A tribute to the mighty Hägglunds from Mick, one of our plumbers.

Hilux for sale, selling due to upgrade to Hägglunds

Hilux for sale, selling due to upgrade to Hägglunds.

The primary means of transport around the Station Operating Area (SOA) is the mighty Hägglunds or Hägg for short. The highly capable vehicle is the number one pick for off-station trips. Powered by a Cummins 4.5 litre, 4 cylinder, 160 horsepower engine, it weighs 4.5 tonnes and is propelled forward by four hydraulically steered tracks, which disperse the load over the sea ice. The Hägg is in its element on the frozen continent.

Loaded with safety features: dual fuel takes, spotlights, winch, GPS navigation, sonar (to avoid icebergs in white out conditions), UHF radio and of course the fact that it can float and actually drive through water! Just like your boat, make sure the bungs are in and your doors sealed well and the bilge pumps will ensure it remains floating and not on the sea floor in the unlikely event of an ice-breakthrough.

Sea ice must be a minimum of 600 mm to allow for safe passage for a Hägg (200 mm to walk on). In order to ensure the depth and safety we regularly drill with a cordless power drill and drop a measuring tape down. Changes in sea ice colour, fast flowing water areas, as well as tide cracks are usually a warning to be a bit more cautions, although the most suspect areas are well marked on the maps. Something I never thought of before stepping onto Antarctica was how the sea ice meets the land, with an average tide change of one metre, sometimes up to 1.5 m. Getting the Hägg on and off the sea ice is usually the trickiest part as the high tides allow water above the ice, making soft areas, whilst the low tides drop the ice sheet, causing large, often unavoidable, ice chunks.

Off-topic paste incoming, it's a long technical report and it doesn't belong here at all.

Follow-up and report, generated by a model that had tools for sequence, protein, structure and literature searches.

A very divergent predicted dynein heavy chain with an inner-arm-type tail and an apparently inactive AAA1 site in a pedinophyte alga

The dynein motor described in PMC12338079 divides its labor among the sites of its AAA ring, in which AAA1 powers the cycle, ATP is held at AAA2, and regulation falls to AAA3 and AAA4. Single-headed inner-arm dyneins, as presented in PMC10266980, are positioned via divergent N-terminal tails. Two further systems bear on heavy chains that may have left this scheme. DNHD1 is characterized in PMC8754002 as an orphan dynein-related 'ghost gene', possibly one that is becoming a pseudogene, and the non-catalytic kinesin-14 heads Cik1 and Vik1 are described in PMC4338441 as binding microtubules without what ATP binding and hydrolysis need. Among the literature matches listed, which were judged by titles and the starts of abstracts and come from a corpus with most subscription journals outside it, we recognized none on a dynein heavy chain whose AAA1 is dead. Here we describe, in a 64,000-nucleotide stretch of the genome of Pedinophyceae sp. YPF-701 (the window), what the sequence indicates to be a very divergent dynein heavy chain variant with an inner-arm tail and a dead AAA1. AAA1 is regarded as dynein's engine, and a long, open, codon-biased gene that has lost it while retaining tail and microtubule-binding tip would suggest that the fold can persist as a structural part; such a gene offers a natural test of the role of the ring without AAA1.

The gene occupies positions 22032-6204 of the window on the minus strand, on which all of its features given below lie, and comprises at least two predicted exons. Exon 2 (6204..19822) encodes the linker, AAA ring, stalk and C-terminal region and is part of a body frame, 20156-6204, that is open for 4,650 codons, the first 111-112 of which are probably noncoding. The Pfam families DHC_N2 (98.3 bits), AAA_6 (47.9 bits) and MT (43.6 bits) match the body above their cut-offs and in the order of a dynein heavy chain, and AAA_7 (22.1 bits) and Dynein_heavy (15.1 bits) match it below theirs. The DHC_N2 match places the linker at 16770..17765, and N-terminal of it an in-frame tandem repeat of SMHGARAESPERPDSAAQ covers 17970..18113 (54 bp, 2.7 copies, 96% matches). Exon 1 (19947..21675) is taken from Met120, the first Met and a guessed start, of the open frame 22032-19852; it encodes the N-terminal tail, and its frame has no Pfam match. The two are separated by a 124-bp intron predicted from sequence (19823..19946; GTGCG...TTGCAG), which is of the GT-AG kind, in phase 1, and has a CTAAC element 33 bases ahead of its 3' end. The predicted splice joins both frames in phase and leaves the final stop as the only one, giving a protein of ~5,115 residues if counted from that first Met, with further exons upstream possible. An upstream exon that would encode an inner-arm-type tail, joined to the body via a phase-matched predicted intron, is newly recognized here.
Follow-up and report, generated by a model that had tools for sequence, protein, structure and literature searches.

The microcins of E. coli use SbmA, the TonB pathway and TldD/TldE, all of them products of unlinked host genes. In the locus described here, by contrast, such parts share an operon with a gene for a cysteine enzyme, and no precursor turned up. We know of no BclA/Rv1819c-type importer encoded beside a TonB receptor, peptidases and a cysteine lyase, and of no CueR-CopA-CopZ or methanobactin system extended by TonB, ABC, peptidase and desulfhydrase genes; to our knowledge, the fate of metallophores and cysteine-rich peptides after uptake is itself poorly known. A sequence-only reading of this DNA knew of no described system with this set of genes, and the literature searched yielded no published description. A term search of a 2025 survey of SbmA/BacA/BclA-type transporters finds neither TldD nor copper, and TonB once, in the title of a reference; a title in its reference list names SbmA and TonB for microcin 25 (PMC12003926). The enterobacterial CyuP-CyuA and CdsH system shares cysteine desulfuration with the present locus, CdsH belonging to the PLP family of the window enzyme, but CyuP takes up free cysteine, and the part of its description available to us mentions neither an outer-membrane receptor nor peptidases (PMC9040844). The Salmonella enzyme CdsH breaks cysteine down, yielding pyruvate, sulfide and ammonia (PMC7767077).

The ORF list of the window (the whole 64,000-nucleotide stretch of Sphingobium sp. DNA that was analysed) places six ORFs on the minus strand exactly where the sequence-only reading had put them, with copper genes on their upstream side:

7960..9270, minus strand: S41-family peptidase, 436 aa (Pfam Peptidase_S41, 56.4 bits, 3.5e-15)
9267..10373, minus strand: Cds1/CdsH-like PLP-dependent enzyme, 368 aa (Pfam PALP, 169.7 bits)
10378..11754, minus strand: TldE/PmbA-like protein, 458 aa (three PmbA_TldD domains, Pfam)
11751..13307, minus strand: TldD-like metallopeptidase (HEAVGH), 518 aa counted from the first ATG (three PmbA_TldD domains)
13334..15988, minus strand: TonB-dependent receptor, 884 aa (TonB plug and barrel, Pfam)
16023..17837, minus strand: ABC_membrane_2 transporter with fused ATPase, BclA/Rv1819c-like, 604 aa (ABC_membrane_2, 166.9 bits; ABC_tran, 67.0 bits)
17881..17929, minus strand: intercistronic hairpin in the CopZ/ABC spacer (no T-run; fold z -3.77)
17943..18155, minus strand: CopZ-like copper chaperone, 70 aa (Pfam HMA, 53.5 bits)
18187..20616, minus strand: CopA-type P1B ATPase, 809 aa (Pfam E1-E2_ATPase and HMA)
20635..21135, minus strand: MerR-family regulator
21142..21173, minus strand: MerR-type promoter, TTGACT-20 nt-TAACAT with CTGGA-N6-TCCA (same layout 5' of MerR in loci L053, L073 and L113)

In order to leave station and venture out to one of the huts around the SOA a trip form must be completed and signed off by both the Station Leader and Field Training Officer at least three days prior. This is to ensure our intentions are known and any hazards can be avoided. The back of the Hägg is loaded up with supplies for the trip; food, water, survival packs, generator (to pre-warm the Hägg when it gets turned off), a selection of cheeses and a tasty beer or two, whilst the front is reserved for up to four lucky expeditioners.

Within one minute of leaving station you’re out on the sea ice, a couple of minutes after that you’re passing your first islands. The landscape around you is scattered with a multitude of various icebergs, some bigger than houses, some you accidently run over (oops), whilst the sea ice rapidly changes in both colour and smoothness. Sometimes it’s like a perfect autobahn, other times it’s in worse condition than the Gibb River Road.

After a few hours of iceberg tours, fjord exploration, scrambling up hill tops and all out marvelling at this unique place, it’s time to thaw out for the evening in one of the huts and recount the days adventures with your mates. Crack out the cheese platter and some hopefully not frozen beers and pass the next 18 hours of darkness and -30°C weather with some yarns and laughs before doing the trip back home to Davis tomorrow.

Mick Cloke, Plumber, Davis Station